previous next

ὡς ἕκαστοι—that is in such numbers as each could furnish; i. 3, 4, οἱ ὡς ἕκαστοι Ἕλληνες. The phrase is elliptical, a verb being in each case implied from the context. ἐν τῇ ἐκείνων—the Phliasians, though just mentioned, are called ἐκεῖνοι because apart from the Lacedaemonians, who are the main subject of the sentence; see note on iv. 37, 2.

προαισθόμενοι τό τε πρῶτον—answered by καὶ ἐπειδή, the participial construction being dropped in the second clause; ch. 44 begins with a similar sentence. ‘The Argives received the first intimation of the intention of the Lacedaemonians from the preparations of their allies: afterwards their purpose was more distinctly revealed by the march of the troops to Phlius. τότε δή refers only to the clause beginning καὶ ἐπειδή. The sentence would have run more regularly, προῄσθοντό τε...καὶ ἐπειδή κ.τ λ.’ (Jowett). Classen prefers to read τότε πρῶτον and to omit καί before ἐπειδή. τότε πρῶτον then refers to the gathering of troops by the Spartans (ch. 57). This certainly simplifies the construction, but the sentence seems to lose its Thucydidean character, and the repetition τότε πρῶτον...τότε δή is awkward.

προσμῖξαι—ch. 72, 8: also used of approaching an enemy (iv. 93. 1) ˙ and of coming to close quarters (iv. 33, 2, etc.).

Μεθυδρίῳ—Methydrium lay to the west of Mantinea, beyond a mountain ridge. Arnold points out that the Spartans took a circuitous route to Phlius, to avoid the territory of Mantinea.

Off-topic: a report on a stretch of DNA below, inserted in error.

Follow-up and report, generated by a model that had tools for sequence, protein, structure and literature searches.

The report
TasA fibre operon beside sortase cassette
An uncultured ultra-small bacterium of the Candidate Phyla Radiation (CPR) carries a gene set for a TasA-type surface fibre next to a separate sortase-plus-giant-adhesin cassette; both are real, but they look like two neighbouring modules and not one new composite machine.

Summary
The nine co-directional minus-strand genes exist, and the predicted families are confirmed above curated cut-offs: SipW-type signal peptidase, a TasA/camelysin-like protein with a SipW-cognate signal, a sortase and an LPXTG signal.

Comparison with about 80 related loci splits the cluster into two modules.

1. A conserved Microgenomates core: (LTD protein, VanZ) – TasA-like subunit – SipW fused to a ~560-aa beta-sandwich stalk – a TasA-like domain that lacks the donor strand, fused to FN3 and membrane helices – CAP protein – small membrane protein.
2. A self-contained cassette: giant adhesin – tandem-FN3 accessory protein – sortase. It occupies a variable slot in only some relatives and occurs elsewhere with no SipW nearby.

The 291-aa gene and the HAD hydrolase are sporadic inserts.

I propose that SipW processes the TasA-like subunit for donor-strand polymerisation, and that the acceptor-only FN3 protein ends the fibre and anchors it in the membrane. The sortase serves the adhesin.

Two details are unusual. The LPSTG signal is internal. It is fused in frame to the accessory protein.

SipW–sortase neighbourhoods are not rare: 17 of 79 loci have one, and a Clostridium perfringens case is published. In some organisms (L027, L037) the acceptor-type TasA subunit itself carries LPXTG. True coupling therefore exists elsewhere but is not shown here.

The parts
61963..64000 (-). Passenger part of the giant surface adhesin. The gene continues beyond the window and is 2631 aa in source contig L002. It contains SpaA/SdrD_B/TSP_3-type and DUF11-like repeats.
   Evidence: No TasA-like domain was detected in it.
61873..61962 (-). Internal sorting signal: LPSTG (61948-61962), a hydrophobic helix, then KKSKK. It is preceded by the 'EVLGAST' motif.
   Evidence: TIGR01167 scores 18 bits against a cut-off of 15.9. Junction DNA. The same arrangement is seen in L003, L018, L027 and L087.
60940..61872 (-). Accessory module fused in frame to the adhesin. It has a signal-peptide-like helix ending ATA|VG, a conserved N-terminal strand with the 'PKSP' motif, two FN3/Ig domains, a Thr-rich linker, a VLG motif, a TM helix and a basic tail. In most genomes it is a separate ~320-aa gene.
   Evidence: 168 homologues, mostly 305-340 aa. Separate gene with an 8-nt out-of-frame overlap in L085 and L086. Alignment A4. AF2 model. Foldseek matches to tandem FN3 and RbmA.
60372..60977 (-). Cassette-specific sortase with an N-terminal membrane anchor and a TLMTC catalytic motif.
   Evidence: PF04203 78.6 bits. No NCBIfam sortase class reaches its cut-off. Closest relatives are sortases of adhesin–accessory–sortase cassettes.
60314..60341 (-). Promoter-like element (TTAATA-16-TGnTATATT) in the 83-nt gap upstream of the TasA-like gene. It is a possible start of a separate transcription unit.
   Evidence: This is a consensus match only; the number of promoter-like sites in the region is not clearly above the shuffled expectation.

καταλαμβάνουσι—of taking up a military position; iv. 1, 1, note. μεμονωμένοις, as in ch. 8, 18, means ‘without allies present’, rather than ‘deserted by allies’.

ἀναστήσαςiv. 93, 1, ἀναστήσας ἦγε τὸν στρατόν. ἐπορεύετο—began or continued his march. The route would be by Orchomenus to the north of Mantinea. Agis effected the junction with his allies, or at any rate opened commumcations with them, as we find the whole force after this acting in concert.

τὴν κατὰ Νεμέαν ὁδόν—the accusative seems not to be governed by ἐχώρουν ἐς, but rather to be explanatory of προσεδέχοντο and dependent on καταβἡσεσθαι. κατά—‘by way of’; as we should say, they took the Nemean road: vii. 80, 1, ἦν ὁδὸς κατὰ τὸ ἕτερον μέρος τη̈ς Σικελίας. Nemea was north of Argos, between Cleonae and Phlius.

ταύτην—ch. 10, 31: iii. 24, 1, ἐχώρουν τὴν ἐς Θήβας φέρουσαν ὁδόν. The allied troops entered the enemy's territory in three divisions, two of which crossed the mountains into Argolis, while the third, with the cavalry, went northwards by the regular road to Nemea.

ὄρθιον—‘steep’; with two terminations, as in Eur. Hel. 632. ὄρθριον has good manuscript authority, and possibly ὄρθριοι should be read; see ch. 58, 3, ἡμέρας ἤδη. ἑτέραν ὄρθιον however corresponds to χαλεπήν.

Creative Commons License
This work is licensed under a Creative Commons Attribution-ShareAlike 3.0 United States License.

An XML version of this text is available for download, with the additional restriction that you offer Perseus any modifications you make. Perseus provides credit for all accepted changes, storing new additions in a versioning system.

hide References (7 total)
  • Commentary references from this page (7):
    • Thucydides, Histories, 1.3
    • Thucydides, Histories, 3.24
    • Thucydides, Histories, 4.1
    • Thucydides, Histories, 4.33
    • Thucydides, Histories, 4.37
    • Thucydides, Histories, 4.93
    • Thucydides, Histories, 7.80
hide Display Preferences
Greek Display:
Arabic Display:
View by Default:
Browse Bar: